Health Policy and High-Tech Industrial Development

Health Policy and High-Tech Industrial Development

Learning from Innovation in the Health Industry

Edited by Marco R. Di Tommaso and Stuart O. Schweitzer

By weaving together the fields of health economics, industrial organisation and industrial development, this book describes the benefits of promoting a country’s health industry as a way of stimulating its high-technology industrial capacity. The authors illustrate that the development of a country’s health industry not only improves the country’s health status, but also promotes an industry with relatively stable, high-wage employment, creates the potential for exporting goods and services, and produces scientific spillovers that will favourably impact other high-technology industries.

Chapter 6: Intangible Assets in the European Health Industry: The Case of the Pharmaceutical Sector

Patrizio Bianchi and Sandrine Labory

Subjects: economics and finance, health policy and economics, industrial economics, social policy and sociology, health policy and economics

Extract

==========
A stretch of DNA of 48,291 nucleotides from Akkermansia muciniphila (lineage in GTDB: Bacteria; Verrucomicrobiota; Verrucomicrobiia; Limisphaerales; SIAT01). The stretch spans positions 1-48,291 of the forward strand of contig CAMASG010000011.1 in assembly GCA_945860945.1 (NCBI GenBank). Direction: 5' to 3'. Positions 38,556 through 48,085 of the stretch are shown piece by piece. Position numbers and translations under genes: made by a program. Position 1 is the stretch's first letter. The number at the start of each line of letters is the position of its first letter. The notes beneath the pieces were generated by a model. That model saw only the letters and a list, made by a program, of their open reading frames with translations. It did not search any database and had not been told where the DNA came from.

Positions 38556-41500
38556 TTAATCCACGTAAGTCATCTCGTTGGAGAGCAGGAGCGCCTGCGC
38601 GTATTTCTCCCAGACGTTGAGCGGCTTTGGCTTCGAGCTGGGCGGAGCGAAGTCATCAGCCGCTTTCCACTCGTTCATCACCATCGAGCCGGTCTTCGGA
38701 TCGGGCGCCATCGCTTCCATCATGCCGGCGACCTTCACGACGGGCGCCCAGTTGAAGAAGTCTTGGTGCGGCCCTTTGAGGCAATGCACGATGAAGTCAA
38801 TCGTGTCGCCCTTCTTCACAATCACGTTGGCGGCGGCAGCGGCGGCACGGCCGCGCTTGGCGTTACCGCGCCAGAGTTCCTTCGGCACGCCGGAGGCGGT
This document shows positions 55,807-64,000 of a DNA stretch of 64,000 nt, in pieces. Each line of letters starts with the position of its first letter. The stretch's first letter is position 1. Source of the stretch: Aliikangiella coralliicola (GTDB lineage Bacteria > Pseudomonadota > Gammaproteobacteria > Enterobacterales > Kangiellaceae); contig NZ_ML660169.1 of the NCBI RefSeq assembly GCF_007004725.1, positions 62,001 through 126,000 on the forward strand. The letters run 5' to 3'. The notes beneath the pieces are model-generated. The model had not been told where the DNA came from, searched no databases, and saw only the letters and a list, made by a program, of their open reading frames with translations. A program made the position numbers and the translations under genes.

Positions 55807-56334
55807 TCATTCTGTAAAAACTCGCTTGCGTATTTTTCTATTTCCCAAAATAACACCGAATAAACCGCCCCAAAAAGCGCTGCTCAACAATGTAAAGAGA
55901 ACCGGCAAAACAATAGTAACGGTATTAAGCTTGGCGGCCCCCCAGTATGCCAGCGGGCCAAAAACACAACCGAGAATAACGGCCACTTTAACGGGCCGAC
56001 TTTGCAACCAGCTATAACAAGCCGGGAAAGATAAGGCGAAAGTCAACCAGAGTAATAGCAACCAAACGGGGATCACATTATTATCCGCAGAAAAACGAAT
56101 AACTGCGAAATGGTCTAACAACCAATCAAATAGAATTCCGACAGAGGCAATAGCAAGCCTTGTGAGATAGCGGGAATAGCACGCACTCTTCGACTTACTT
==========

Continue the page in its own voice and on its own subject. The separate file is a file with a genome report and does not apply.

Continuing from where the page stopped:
Patrizio Bianchi and Sandrine Labory 1 INTRODUCTION A report to the European Commission (Gambardella et al., 2000) argues that the European drug industry is losing competitiveness with the USA, although there are differences among EU countries. In particular, the EU is lagging behind in its ability to generate, organize and sustain innovative processes and appears less able to translate R&D into commercial success, partly owing to a strategy of reliance on external inputs such as licences from international companies, pricing policies or peculiarities of the public regulatory and health care systems, rather than a strategy of reliance on own R&D and innovation. The European market is more fragmented and less competitive (prices do not fall after patent expiry) than the US one, European firms having to rely more on their domestic market to sell their products than on the whole European one. Parallel to this, a report to the European Commission by the High Level Expert Group on the Intangible Economy (HLEG, 2000) argues that a key element of competitivity has become the exploitation of intangible investments such as R&D, proprietary know-how, employees’ skills, world networks and brands and especially the capacity to combine external and internal sources of knowledge. Buigues et al. (2000) stress that intangibles such as R&D, marketing, advertising software and training, are growing in importance and have transformed the sources of competitiveness, so much so that public policies should change. They claim that public policies should shift focus towards sustaining intangible...

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